Some memory tests were groundbreaking at the time of their introduction. For a field of knowledge to become a scientific discipline, research techniques and assays are required that permit quantification of phenomena addressed in that field:'.. .the forces and actions of bodies are circumscribed and measured either by spatial intervals, or by moments of time, or by concentration of quantity, or by predominance of power; and unless these four are accurately and carefully weighed, the sciences concerned will be elegant speculations perhaps but of no practical use' (Bacon 1620). A handful of tests, by the mere fact that they had enabled for the first time the quantification of memory, had transformed the study of memory into a science. A prominent example is provided by tests involving "recall of series of so-called 'nonsense' syllables, introduced by Ebbinghaus to measure "forgetting (1885; see also Jacobs 1887). This type of experiment is considered to have opened the scientific era in research of human memory. Similarly, introduction of "classical and "instrumental conditioning has permitted the systematic experimental investigation of animal learning (Thorndike 1911; Pavlov 1927; for more on the history, see Boakes 1984).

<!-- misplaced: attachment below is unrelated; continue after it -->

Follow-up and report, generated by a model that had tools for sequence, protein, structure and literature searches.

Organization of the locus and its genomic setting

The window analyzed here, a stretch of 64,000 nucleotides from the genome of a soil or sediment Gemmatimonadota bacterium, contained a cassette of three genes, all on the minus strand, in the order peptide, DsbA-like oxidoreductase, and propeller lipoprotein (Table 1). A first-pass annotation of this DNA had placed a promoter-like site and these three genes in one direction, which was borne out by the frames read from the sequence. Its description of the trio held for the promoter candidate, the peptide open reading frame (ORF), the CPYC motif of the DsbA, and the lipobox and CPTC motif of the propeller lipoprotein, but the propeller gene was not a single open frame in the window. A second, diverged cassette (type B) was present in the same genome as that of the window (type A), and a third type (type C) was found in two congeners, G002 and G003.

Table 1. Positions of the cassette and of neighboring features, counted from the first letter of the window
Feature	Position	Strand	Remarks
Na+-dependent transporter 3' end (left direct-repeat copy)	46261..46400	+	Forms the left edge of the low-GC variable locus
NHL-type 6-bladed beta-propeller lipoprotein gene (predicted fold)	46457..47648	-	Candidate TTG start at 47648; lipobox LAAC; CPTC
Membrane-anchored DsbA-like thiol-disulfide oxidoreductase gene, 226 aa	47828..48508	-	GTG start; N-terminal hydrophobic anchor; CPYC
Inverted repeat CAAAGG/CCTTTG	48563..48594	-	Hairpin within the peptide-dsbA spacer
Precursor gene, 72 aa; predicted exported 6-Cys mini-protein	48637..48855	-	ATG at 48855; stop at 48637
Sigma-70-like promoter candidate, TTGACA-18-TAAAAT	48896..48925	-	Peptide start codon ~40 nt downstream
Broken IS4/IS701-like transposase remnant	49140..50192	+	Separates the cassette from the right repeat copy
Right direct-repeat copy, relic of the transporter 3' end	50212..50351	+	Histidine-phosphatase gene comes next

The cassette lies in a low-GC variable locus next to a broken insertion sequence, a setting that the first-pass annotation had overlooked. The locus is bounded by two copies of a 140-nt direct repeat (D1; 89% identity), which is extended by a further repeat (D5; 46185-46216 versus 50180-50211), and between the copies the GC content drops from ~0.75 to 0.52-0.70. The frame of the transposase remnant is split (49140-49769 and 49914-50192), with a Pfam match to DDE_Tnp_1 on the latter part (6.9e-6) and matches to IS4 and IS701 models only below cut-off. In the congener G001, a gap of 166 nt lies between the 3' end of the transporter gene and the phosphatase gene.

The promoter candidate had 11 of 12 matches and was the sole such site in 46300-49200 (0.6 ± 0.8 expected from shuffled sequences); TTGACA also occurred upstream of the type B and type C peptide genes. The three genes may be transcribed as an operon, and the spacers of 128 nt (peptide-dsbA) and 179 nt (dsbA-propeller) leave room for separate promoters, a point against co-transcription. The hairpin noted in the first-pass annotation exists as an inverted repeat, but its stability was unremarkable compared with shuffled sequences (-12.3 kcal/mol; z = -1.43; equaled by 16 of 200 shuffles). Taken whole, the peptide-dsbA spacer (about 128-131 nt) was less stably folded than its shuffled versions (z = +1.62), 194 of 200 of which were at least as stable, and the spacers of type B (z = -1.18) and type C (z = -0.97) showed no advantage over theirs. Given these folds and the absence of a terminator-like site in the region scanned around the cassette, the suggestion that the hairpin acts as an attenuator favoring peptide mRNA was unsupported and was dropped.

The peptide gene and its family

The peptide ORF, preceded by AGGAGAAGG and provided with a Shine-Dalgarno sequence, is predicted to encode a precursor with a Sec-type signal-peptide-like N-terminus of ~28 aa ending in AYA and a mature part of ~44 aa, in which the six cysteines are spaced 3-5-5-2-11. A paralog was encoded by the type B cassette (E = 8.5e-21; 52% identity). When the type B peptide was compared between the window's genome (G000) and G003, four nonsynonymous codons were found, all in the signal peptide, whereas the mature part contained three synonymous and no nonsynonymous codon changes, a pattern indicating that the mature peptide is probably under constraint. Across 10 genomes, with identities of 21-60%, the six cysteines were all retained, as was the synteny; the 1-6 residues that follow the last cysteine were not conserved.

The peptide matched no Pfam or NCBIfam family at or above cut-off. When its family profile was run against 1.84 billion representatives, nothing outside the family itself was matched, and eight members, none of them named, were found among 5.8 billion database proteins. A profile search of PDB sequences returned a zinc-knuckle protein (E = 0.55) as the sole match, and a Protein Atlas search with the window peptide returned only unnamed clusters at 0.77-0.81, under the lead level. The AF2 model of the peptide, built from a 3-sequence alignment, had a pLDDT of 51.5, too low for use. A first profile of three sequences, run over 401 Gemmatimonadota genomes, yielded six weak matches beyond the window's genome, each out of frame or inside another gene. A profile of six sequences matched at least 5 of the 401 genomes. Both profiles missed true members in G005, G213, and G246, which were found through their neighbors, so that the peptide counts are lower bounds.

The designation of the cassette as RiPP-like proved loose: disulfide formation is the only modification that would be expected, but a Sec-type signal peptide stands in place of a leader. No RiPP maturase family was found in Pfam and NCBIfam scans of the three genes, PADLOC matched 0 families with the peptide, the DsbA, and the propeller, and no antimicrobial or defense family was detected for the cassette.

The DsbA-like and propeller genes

Still another class of assays includes those that alter and reroute the course of a discipline. Here are some examples: Introduction of the "maze (Small 1901;
"classic) has paved the way to research on spatial learning, cognitive "maps, and other facets of memory. A popular descendent of those original mazes is the extensively used water maze (Morris 1981). Introduction of the "delay task (Hunter 1913) has permitted analysis of "recognition and "working memory, and development of "monkey models of "amnesia. Very useful versions are the trial-unique delay tasks, such as trial-unique delayed non-matching-to-sample (Gaffan 1974; Mishkin and Delacour 1975; "delay task). In some cases, adaptation of a well-known type of memory assay to a new organism could open a whole new field. An example is provided by olfactory conditioning in the fruit fly, "Drosophila. Sophisticated "neurogenetic analysis of memory became feasible only after classical conditioning had been adapted to the special needs of the fly (Quinn et al. 1974). And, of course, there are those many assays that are variations on a theme, introducing important improvements and modifications to already existing methods.